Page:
Alexander “Graham” was not added until he was 11, was born to Alexander Melville Bell and Eliza Grace Symonds. His mother was almost deaf, and his father taught the deaf, influencing Alexander’s later career as a teacher of the deaf. At age 11 he entered Royal High School at Edinburgh, but he didn’t enjoy the compulsory curriculum, and he left school at age 15 without graduating. Alexander passed the entrance examinations for University College London in 1868 and matriculated there in the Autumn. However, he did not complete his studies, because in 1870 the Bell family moved again, this time immigrating to Canada after the deaths of Bell’s younger brother Edward in 1867 and older brother Melville in 1870, both of tuberculosis.
Alexander Graham Bell’s mother, Eliza Bell, is a hearing impaired. Her father, Melville Bell, is an actor and a programmer named the visual speech that uses symbols to teach people how to talk in tongues they have never heard before. Alexander Graham Bell was interested in hearing impairment, and he started teaching his father’s business through a variety of schools for the deaf. After American educators visited the German language school in the 1840s, they did not overcome networks and signed teachers. However, in the 1870s, Bell began to promote oral education for hearing impaired people.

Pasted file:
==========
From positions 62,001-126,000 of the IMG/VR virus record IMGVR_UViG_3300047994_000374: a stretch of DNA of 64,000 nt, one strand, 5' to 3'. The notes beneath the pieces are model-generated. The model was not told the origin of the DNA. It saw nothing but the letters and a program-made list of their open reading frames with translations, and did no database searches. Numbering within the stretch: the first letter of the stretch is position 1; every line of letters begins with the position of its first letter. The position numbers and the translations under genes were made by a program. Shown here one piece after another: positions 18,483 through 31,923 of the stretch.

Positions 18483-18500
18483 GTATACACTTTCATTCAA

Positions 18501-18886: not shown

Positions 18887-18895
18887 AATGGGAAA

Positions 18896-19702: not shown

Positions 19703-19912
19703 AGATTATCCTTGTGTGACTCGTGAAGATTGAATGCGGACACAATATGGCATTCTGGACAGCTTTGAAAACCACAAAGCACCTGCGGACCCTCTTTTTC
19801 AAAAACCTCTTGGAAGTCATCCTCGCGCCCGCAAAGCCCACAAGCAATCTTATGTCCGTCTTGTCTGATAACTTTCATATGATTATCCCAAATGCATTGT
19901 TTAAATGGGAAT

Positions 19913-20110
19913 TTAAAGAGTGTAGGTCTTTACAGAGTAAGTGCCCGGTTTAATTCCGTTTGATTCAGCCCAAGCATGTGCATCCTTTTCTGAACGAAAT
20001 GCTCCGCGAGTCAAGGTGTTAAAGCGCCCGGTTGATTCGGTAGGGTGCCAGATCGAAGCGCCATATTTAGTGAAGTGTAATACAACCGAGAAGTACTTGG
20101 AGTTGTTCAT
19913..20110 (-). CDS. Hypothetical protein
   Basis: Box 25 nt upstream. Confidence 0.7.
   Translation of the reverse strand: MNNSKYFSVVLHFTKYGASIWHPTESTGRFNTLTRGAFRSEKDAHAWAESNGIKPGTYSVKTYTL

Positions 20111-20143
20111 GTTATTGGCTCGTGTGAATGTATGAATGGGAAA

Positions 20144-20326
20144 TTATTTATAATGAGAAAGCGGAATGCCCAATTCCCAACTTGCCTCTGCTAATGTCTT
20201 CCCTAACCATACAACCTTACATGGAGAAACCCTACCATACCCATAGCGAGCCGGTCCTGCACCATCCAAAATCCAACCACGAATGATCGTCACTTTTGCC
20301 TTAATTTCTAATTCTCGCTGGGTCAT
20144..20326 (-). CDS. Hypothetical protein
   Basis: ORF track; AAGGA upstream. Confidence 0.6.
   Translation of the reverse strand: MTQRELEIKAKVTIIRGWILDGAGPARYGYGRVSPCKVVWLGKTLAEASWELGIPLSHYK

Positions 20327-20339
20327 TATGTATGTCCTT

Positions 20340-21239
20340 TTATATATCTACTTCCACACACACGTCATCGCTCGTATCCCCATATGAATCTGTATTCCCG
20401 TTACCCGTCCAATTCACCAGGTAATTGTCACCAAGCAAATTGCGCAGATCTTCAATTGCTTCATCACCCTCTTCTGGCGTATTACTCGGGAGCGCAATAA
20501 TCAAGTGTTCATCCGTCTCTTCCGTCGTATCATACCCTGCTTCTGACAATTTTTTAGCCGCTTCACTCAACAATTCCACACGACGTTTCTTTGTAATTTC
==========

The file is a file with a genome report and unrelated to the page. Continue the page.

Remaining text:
Even though Alexander Graham Bell worked in Boston he was born in Edinburgh, Scotland. When he was born he didn’t have a middle name, he was known as Alexander Bell. Alex, as he was called did not attend school as a child, he was homeschooled by his mother. As he got older she started to believe she had taught him everything he could teach him, so she sent him to start a regular life. Alexander wasn’t a really good student but he enjoyed doing experiments and discovering new things.
He is well known for inventing the telephone. He came to the U.S as a teacher to the deaf and conceived the idea of “electronic speech” while visiting his hearing-impaired mother in Canada. This led him to invent the microphone and later the “electrical speech machine” -- his name for the first telephone he created. He inspired Berliner to create a telephone also, which included an improved microphone, which increased the volume of the transmitted voice. Berliner then sold his telephone to The Bell Telephone Company and he gained employment there, as a research assistant.